It was not only the cultivation of cotton that destroyed communities, but also the marketing of the finished product. In England, handloom weavers were put out of business and driven to find work in the factories. The Irish linen industry was forced out of business. In India, the East India Company exerted coercive control over India’s handloom weavers. More than 10,000 Bengali weavers rapidly lost their independence as producers and in many instances became waged workers employed on terms and conditions over which they had no control. When the East India Company’s monopoly was abolished in 1813, the Indian weaving industry was too debilitated to resist the flooding of the market with inferior products from England. India found the cash to pay for this imported cloth partly by growing opium to be sold to China as a means of breaking down its closed markets, a trade which resulted in the Opium Wars of the second half of the 19th century. In the early 20th century Mahatma Gandhi organised a boycott of British-made cloth and championed the spinning wheel as a means of reviving the local economy. The Charkha, the spinning wheel, remains upon the Indian flag as a reminder of the traditional industries and communities that were consumed by the imperialistic nature of cotton industry.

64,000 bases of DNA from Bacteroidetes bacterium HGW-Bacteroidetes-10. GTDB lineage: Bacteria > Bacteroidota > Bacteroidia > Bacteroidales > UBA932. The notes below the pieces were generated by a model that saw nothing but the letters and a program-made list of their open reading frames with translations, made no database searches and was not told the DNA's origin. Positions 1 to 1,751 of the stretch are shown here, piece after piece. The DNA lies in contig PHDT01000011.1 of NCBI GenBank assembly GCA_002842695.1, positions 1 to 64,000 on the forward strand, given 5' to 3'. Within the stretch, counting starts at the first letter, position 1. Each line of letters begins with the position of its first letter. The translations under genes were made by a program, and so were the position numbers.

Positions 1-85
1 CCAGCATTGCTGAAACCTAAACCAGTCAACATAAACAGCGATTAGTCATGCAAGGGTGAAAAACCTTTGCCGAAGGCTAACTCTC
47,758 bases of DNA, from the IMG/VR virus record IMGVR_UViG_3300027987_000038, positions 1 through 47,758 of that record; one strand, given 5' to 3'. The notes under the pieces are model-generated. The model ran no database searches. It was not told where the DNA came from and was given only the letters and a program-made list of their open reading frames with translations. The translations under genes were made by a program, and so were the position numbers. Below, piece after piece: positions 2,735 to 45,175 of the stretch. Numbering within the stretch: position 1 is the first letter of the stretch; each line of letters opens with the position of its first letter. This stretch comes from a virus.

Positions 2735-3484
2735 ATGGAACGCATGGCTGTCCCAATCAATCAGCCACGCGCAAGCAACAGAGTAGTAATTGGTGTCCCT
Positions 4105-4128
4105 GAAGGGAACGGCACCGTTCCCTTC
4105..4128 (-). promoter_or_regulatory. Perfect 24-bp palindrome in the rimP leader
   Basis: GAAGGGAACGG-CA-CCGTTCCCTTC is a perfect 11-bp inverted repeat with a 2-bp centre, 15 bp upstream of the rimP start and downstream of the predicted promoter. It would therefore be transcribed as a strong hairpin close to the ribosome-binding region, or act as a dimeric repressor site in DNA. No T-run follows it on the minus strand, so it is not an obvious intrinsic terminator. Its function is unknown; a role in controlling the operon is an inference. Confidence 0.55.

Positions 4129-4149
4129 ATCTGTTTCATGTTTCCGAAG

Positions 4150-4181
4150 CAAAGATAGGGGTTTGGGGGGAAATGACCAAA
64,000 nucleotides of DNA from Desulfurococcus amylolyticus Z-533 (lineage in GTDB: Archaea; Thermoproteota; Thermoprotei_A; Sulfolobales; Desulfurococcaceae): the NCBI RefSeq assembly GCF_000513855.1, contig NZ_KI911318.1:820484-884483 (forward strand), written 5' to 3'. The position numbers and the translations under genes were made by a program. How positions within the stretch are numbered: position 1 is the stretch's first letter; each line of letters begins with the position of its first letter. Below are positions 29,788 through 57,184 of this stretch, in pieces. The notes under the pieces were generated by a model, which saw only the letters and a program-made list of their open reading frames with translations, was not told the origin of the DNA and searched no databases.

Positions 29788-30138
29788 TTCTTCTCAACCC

But the bloody history of cotton is still in the making. Right here in Thailand, a multinational company Monsanto is actively promoting a transgenic cotton seed product for domestic production. The cotton seed, with the natural pesticide Bacillus thurengiensis (Bt) has not been fully tested for its impact on human beings, local plant species, pests, bees, herbal medicine and the environment. Agricultural experts, environmentalists, and medical doctors have expressed concerns about the potential threats of the Bt cotton. Nevertheless, the MNC has been allowed to conducted field tests in many provinces of Thailand. Their main concerns here of course are to find a solution to pests and to increase yields. NGOs, however, have voiced their concerns that the Bt cotton will bring farmers under the control of Monsanto, from whom they would have to buy the hybrid seed every two years. If nothing is done to stop the Bt cotton, another vicious cycle of poverty and environmental degradation will soon begin here in Thailand.

Cotton did not kill or subjugate people. The invisible hand of the free market did. The most effective and powerful tool of the imperialist free market system is the legal system — both national and international. We are now trapped in the authoritarian legal systems, trade agreements, international conventions, most if not all of which are the modern mechanisms of control whereby the colonial conquest which have begun 505 years ago continues.